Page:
I count myself among those Canadians in awe of anything written by Simone Weil, the French philosopher, mystic and political activist. The philosopher/theologian, George Grant (Lament for a Nation) put Weil beside the four gospels as his highest moral authority. He felt unworthy to interpret or critique her writing, only to summarize for the sole purpose of inviting others to read Weil herself. Best selling Canadian poet Anne Carson (The Beauty of the Husband) praised Weil for her spiritual daring and wrote a libretto with Weil as a main character.
I suspect Weil’s appeal to Canadians lies in her belief that human relations are fundamentally about our obligations to each other rather than respect for each other’s rights. Canada is after all the confluence of the Indigenous values of inclusion and hospitality; French humanism, with its emphasis on tolerance; the British concept of the commonwealth and reinforced by waves of newcomers fleeing conflict and seeking peace. All point in their own way to interconnection, cooperation and mutuality.
Weil believed rights were too important to rely exclusively on arbitrary human behavior. Her reading of history and her experiences under the Nazis led her to conclude that rights are “subordinate and relative” to obligations. They become manifest only when we live up to our obligations. Rights are also conditional and dependent on context. In other words dictated by the powerful and their priorities. Think about this in the context of Syria, the war on terror and the European refugee crisis. Rights aren’t serving the poor, vulnerable and dispossessed in those places or elsewhere. “You can die with your rights on,” declared disability theorist Wolf Wolfenberger. That’s why Weil appealed to a higher moral order, our obligations to others.
According to Weil, obligations are universal, eternal and “situated above the world.” They are givens. For everyone. “The object of any in the realm of human affairs is always the human being as such,” she wrote. No other condition is necessary. Obligations include respecting the needs of others for food, warmth and medicine, honouring their rights and preventing them from suffering, starving or dying needlessly. Even more fundamentally they include the duty to respect the needs of the soul.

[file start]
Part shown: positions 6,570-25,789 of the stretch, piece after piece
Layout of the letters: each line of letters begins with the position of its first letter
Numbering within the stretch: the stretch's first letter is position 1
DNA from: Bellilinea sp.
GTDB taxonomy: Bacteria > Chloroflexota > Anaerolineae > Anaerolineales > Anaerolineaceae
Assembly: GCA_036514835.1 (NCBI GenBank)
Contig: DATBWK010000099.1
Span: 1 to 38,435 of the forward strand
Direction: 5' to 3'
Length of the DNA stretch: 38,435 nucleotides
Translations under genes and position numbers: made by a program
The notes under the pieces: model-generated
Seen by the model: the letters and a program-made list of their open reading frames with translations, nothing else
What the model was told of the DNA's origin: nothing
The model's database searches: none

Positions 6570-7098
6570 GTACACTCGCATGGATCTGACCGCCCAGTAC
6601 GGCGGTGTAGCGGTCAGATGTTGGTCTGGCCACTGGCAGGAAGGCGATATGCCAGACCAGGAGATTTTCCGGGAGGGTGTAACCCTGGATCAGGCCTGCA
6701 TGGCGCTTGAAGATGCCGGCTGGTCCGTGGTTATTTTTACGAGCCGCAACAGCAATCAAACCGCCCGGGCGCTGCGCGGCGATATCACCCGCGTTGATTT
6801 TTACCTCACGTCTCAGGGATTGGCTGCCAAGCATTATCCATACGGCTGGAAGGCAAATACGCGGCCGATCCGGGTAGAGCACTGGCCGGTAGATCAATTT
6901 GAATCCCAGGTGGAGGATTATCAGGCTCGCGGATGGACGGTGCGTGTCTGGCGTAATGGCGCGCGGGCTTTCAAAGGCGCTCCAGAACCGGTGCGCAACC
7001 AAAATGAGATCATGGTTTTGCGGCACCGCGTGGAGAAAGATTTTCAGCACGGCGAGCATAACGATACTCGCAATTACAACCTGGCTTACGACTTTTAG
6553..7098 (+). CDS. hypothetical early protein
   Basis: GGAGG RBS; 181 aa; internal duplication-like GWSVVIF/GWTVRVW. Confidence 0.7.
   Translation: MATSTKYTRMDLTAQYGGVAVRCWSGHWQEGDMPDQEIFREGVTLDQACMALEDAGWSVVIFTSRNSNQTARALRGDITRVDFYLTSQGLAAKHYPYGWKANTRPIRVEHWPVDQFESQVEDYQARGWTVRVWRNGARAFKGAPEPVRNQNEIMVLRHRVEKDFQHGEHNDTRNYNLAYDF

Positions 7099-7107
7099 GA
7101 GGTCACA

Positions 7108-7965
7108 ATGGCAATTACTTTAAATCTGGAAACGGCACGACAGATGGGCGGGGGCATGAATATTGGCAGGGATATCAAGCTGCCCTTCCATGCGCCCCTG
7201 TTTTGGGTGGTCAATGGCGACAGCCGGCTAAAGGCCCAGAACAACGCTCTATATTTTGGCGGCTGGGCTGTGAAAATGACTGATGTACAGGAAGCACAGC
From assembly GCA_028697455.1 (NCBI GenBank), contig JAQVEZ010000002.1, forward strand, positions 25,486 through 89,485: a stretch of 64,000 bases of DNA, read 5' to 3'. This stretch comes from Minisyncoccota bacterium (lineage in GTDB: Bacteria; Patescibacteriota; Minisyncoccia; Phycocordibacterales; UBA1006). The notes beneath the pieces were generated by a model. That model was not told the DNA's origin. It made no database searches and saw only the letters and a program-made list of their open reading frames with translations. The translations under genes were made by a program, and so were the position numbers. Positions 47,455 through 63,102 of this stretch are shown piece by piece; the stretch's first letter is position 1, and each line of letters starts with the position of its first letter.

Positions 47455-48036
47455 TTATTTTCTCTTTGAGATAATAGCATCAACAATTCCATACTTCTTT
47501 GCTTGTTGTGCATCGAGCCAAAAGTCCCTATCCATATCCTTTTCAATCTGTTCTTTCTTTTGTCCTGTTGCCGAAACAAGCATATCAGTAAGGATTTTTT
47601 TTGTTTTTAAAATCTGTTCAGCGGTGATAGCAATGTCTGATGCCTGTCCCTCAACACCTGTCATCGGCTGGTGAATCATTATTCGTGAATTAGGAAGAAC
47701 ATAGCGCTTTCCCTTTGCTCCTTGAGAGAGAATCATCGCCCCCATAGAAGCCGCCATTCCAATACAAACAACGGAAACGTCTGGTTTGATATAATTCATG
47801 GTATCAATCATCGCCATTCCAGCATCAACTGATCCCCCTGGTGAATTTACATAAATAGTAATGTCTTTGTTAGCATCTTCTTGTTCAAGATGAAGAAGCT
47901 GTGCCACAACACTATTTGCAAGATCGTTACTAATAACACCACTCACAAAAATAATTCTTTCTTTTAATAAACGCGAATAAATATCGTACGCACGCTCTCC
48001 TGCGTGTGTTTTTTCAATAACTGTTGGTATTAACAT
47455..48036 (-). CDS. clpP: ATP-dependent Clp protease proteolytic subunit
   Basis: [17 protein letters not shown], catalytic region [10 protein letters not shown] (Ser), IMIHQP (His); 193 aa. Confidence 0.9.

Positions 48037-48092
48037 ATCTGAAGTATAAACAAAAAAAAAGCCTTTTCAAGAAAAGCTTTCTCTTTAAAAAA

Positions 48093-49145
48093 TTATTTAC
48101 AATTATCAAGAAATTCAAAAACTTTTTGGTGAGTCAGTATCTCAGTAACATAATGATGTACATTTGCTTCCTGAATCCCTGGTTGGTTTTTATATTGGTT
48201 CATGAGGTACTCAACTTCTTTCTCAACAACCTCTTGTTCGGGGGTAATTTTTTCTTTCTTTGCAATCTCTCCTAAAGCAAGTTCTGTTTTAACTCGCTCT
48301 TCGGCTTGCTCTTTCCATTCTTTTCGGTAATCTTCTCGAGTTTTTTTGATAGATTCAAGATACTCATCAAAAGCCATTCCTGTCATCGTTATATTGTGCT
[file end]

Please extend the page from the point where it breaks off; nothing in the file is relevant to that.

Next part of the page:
You can see where she’s leading us can’t you? To wholeheartedly embrace the material and the spiritual dimensions of our work. To set our course toward human flourishing.
Weil, who was writing during the horrors of WW2, believed “the intellect is enlightened by love.” Before she died in 1943 she was working with Charles de Gaulle on a Charter of Human Obligations in anticipation of France’s regeneration. See her book, The Need for Roots: Prelude to a Declaration of Duties Towards Humankind, published after her death. Roots such as belonging, community, culture, meaningful work, freedom, equality, truth, goodness, reciprocity, interdependence …
Which brings us back to the values that shaped us as a country.
I wonder what Canada would be like if we had developed a system based on the obligations that enable us to live together?
I wonder if it’s gotten dark enough to seek illumination from the full force of those principles once again?
I’m confident reading Weil directly will help with the answers.
At the centre of the human heart is the longing for an absolute good, a longing which is always there and is never appeased by any object in this world. (Simone Weil)
In an extraordinary time, the stakes are existential. (Chris Kutarna)